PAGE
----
OPINION: It’s Black Maternal Health Week And It Matters For A Good Reason

The statistics are point to some serious challenges in reproductive health, but it's not too late to make changes.

There are so many things happening across our nation right now and I want to talk about all of it.

I want to celebrate our American economy adding 311,000 jobs in February, the Wisconsin Supreme Court and the dramatic victory of Judge Janet Protasiewicz, President Joe Biden stepping up in the fight against antisemitism and the White House investing $14 billion in new clean energy projects.

I want to talk about Disney sidestepping Florida Gov. Ron DeSantis’ ongoing culture wars and I want to wade into the first indictment of a former American president.

I want to talk about all of this and more…but I can’t.

I can’t because, across our nation, pregnant women and new moms are dying at an incredible rate. I can’t because America’s maternal mortality rate jumped 89 percent from 2018 to 2021 and, as dangerous as that is, it’s even worse for Black women who are three times more likely to die in pregnancy than White.

That’s not hyperbole. That’s reality.

In fact, driven by historic and systemic racism, the United States is the only industrialized nation in the world where Black maternal health is getting worse, according to figures from the Centers For Disease Control and Prevention (CDC). In fact, reports of severe premature labor and pain, often symptoms of serious complications like preeclampsia, are routinely ignored in Black women who are referred for specialty care far less frequently than white women often leading to deadly consequences.

In 2018, half of all American counties lacked a single OB-GYN. Take the fundamental disparity in accessible and affordable healthcare and add the underlying chronic health conditions that have plagued Black communities for generations, undeniable structural racism and a dash of implicit bias and you’ll see it for yourself.

Op-Ed: How We Can Reimagine Black Maternal Health in the Changed Landscape of Dobbs

But it doesn’t have to be that way. In fact, the CDC tells us that more than 80 percent of pregnancy-related deaths in the United States are preventable.

So we’re not helpless. We can stop the dying today.

Then why is the problem getting worse?

Maybe it’s because of simple ignorance. Maybe it’s because Americans just don’t know the scope of the problem. Maybe it’s because we just haven’t taken it seriously enough. Maybe it’s because the divisive rhetoric of right-wing extremists have us so distracted by culture wars and political sideshows that we can’t see a real crisis even when it’s staring us in the face. Maybe it’s just racism.

Because it seems to me that maternal mortality in general and Black maternal mortality in particular shouldn’t be particularly divisive. I mean, at the end of the day, we’re talking about protecting the lives of America’s mothers and mothers to be. Is anyone really against that?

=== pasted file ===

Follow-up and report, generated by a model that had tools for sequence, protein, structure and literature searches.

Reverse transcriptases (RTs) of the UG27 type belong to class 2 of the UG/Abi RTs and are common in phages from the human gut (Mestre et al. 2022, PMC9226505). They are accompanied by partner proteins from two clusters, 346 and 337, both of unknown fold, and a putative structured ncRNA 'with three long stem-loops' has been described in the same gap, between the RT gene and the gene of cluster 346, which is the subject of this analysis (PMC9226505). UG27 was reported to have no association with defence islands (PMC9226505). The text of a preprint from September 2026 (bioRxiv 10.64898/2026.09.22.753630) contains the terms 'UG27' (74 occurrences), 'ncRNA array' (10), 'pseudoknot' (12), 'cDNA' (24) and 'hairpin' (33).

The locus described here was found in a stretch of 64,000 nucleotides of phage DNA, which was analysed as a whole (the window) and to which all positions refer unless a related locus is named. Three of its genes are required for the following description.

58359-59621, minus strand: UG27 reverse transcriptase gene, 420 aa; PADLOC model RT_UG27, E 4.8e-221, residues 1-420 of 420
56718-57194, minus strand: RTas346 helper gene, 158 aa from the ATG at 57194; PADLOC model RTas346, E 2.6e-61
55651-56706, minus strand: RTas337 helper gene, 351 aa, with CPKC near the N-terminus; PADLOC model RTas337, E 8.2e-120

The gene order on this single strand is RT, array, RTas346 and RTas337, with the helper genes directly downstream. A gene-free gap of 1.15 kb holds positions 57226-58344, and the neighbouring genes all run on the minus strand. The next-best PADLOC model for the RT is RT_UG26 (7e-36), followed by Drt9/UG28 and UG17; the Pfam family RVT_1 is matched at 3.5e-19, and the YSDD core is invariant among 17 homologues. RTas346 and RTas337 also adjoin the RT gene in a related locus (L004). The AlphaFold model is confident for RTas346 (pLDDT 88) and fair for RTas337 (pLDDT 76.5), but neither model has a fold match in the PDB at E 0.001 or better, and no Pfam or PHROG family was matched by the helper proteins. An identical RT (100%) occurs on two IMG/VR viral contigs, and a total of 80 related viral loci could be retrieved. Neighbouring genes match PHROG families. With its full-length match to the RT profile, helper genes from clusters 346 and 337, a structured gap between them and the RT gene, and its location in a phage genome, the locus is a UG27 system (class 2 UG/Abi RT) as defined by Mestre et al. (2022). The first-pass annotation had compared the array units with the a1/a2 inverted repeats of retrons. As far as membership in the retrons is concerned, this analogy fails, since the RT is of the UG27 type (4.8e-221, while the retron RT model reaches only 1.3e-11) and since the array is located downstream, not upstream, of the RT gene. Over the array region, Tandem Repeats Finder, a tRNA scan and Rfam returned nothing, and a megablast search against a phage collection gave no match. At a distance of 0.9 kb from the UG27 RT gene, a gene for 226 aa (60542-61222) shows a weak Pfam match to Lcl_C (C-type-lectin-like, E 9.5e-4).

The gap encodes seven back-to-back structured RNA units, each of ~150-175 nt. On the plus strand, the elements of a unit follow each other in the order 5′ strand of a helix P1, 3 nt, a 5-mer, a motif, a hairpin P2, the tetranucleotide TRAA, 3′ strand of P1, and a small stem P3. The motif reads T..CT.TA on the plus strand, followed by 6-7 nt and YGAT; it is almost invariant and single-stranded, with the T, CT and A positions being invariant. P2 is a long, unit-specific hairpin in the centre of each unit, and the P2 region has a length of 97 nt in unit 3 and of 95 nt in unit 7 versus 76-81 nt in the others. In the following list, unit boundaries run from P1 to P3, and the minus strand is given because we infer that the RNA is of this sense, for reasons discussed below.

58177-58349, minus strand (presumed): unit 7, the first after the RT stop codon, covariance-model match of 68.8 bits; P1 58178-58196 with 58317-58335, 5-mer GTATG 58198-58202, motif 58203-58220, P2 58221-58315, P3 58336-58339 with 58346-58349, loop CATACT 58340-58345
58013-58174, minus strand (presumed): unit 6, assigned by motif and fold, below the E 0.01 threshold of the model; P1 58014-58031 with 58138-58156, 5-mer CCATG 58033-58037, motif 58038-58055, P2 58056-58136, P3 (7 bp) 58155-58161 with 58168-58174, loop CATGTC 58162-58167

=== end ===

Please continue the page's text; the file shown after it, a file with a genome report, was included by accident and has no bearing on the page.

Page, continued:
I know that Democratic leaders like President Biden and Vice President Harris have made it a real priority by expanding Medicaid’s postpartum coverage to 12 months, supporting the Maternal CARE Act, highlighting Illinois Rep. Lauren Underwood’s Black Maternal Health Momnibus Act and proposing a $3 billion investment in maternal health though the Build Back Better Act.

But where are the Republicans?

I mean I’ve heard the stump speeches praising “traditional family values” and I’ve seen the fundraising emails calling all good Republicans to fight for the “sanctity of life” by clicking the "donate here" link. So this should be a no-brainer, right?

Black Women More Likely to Die During Childbirth: Where’s the Outrage? - In a new op-ed in RH Reality Check, a writer wonders where the outrage is around the high maternal death rate among Black women: We are three to four times more likely to die giving birth compared to white women. The author Cynthia Greenlee believes that the devaluing of Black women’s reproductive health is behind the lack of attention. (Photo: ERproductions/Ltd/Getty Images)

Health Rewind: Are Maternal Deaths Among Black Women Ignored?

But now that I think about it, those emails don’t talk about how United States District Court Judge Reed O’Connor put the lives of 3.6 million pregnant women and their unborn children at risk when he took away free screenings for preeclampsia and gestational diabetes along with counseling for perinatal and postpartum depression.

They’re not suggesting that these lives aren’t sacred, are they?

They’re not playing politics with these women’s lives, are they? Because this isn’t a game.

Pregnant women are in the firing line and, while the shooters get one bullet when the woman is White, they get three when she’s black.

What would you do to stop them pulling the trigger? What if it was your mother, your wife, your daughter…or you.

Black Maternal Health Week is recognized each year from April 11-17 to bring attention to improving Black maternal health. This year, let’s not just talk about it. Let’s take action. Because it’s time to tell the right-wing that all life is sacred.

This isn’t a game. This is our mothers, our daughters, our wives and our sisters. Their lives matter too.

We can argue about politics later. Let’s get this done now.

Antjuan Seawright is a Democratic political strategist, founder and CEO of Blueprint Strategy LLC, and a CBS News political contributor. Follow him on Twitter @antjuansea.

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